5 Essential Ways to Support the Autistic Community in Autism Acceptance

Group of friends smiling and talking while sitting at a restaurant together

How’d your April go this year?

As an autistic person, I dread every April. Most commonly known as Autism Awareness Month, but reclaimed by the autistic community as Autism Acceptance Month, the month is aimed at supporting the autistic community.

But depending on how that support is executed, it can be fairly problematic and can actually hurt those of us in the autistic community.

I – and many other actually autistic advocates – don’t think we really need any more autism “awareness.” A majority of people in the United States are aware of autism.

What we really need is autism acceptance, and we need allistic (non-autistic) allies to participate in this.

The autistic community has been asking for acceptance since we’ve existed, but now that most people have a general idea of what autism is and how it might affect someone, we want our allies and advocates to go a step further: Show up for us, and support us in the autism acceptance movement.

Here are some ways to make it happen.

1. Ask Autistic People What We Need – And Then Listen to Us

One of the most glaring issues with a lot of (often well-intended) autism awareness campaigns is that they fail to ask autistic people what we actually want and need.

For example, many autistic people don’t want a cure. What we want is the world to be accessible to us, and people to be accepting of our differences.

I don’t want a cure for my autism. Instead, I want non-autistic and neurotypical people to understand that I have trouble with too much sensory input, and to offer to turn on captions when we’re watching TV if I’m having a hard time keeping up with the dialogue.

The best thing you can do if you want to support the autism acceptance movement: Ask autistic people what we want or need, and then listen to and respect what we say.

If we don’t want you to talk about a cure, or refer to autism as an “epidemic,” please listen to us.

If someone you know would prefer to be called autistic, rather than a person with autism, respect that choice to self-identify. If an autistic person tells you that stimming helps them self-regulate during conversations, allow them to do so.

Accepting autism means accepting autistic people, and meeting us where we are.

2. Make Your Events and Plans More Accessible to Us

Accessibility means more than just wheelchair ramps and braille signage. For autistic people, it might mean things like making sure the venue doesn’t have loud or flashing lights, or that there’s a quiet place to rest.

Since accessibility isn’t a one-size-fits-all situation, your best bet is to either speak to the autistic people you’re inviting, or if you’re planning a bigger community-wide event, to get input from a variety of autistic and disabled people about their needs.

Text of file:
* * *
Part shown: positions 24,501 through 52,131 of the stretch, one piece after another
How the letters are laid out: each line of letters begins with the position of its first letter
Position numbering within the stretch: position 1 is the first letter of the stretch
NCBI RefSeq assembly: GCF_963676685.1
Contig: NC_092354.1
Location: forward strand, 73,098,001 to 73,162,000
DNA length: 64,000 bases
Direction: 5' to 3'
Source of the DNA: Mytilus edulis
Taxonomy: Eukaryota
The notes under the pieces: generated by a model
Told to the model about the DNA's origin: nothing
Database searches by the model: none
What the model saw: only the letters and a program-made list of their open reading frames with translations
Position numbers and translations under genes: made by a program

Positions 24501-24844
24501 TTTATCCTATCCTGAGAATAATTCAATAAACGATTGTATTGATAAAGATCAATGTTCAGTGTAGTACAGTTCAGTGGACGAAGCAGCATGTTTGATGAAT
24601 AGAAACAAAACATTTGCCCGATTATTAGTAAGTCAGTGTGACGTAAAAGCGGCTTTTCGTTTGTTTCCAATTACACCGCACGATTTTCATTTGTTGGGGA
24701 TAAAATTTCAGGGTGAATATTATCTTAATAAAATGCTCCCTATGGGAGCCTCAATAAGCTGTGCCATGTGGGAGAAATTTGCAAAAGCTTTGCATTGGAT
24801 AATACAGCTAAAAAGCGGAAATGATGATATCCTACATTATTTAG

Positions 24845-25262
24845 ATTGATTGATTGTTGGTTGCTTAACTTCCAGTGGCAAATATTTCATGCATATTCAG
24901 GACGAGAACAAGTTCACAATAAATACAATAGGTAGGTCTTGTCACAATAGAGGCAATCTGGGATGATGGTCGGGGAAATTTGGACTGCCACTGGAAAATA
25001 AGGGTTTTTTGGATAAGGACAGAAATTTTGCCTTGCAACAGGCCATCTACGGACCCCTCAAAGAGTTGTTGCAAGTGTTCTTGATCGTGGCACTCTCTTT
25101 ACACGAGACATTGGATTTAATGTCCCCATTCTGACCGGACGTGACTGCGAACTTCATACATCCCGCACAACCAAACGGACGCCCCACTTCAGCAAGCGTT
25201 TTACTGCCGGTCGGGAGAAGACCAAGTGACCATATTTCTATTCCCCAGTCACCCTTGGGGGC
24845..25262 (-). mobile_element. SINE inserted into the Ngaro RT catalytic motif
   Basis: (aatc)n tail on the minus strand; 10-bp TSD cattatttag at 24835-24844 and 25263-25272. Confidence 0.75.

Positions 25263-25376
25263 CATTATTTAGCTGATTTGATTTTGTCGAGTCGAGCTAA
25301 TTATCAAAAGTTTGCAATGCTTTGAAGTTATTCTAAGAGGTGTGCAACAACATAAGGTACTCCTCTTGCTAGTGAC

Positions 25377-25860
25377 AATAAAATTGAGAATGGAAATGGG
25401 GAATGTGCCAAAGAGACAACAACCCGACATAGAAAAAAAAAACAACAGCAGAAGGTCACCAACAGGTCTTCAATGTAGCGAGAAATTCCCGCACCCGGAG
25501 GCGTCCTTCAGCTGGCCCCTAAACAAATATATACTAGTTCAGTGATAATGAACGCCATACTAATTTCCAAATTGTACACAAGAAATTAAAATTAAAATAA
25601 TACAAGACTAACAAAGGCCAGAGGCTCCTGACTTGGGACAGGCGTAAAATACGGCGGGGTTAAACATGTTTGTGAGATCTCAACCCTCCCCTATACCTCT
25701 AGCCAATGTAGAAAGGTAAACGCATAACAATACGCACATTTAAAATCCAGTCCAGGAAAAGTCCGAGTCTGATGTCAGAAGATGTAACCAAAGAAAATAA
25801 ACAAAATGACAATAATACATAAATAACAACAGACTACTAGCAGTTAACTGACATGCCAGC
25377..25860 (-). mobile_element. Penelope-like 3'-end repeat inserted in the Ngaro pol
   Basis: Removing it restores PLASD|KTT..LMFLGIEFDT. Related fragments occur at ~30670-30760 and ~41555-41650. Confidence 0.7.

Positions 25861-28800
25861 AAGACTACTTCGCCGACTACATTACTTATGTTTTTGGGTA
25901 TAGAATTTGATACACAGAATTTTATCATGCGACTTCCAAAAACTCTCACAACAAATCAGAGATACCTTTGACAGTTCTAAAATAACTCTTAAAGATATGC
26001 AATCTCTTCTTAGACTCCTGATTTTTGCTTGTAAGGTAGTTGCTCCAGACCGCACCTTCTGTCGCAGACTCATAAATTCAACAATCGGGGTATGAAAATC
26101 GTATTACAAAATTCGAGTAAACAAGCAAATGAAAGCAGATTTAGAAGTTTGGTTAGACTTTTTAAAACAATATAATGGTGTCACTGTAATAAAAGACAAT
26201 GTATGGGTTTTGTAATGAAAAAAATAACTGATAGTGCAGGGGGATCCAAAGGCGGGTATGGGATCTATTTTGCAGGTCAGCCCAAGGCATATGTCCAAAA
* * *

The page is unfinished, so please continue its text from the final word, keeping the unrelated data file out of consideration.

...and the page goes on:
When you don’t make any effort to ensure an event or plan is accessible, it sends the message that either you don’t really care if autistic people come, or that if we do come, you want us to find a way to either accommodate ourselves or “suck it up.”

The burden of making sure events are accessible often falls to disabled people, and it’s really helpful if you make the first move as an allistic person to see what we might need.

If my friends and I are choosing a restaurant for dinner, one of our considerations is accessibility. Beyond wheelchair and other mobility accessibility – which we care about because several of us use mobility aids and have physical disabilities – one of our most common questions is, “How loud is this restaurant?”

Because a few of us are autistic or have similar sensory issues, it can be really hard for us to hold conversations in a restaurant that’s loud, especially if there’s a live band playing or the restaurant doubles as a bar or nightclub.

It’s important to us that the restaurant we choose is as autism-friendly as possible, although food establishments generally tend to be hard on folks with sensory difficulties.

Helping out with this is as simple as starting the conversation when you’re making plans or setting up an event. Bring it up with autistic people, and ask us what would make the event accessible for us to attend.

Taking the first step in showing that accessibility is a priority to you shows us that you not only want us to be there, but that you want us to be as comfortable and safe as possible.

3. Don’t Support Autism Speaks and Other Hate Groups

Many autistic people have pointed out that Autism Speaks is repeatedly problematic.

Between the very low amount of money (4%) they spend on autism support services, and the fact that they regularly advocate for a cure over autism acceptance, a lot of autistic people really dislike and fear the organization.

I really dislike Autism Speaks because they use fear tactics to get people to think of autism as an epidemic that requires fixing. I think of my autism as somewhere between a learning disability (not every autistic person feels this way) and natural neuroatypicality.

What’s even worse is that Autism Speaks is essentially the face of the autism awareness movement, and one of the non-profits people automatically think of when they think about autism.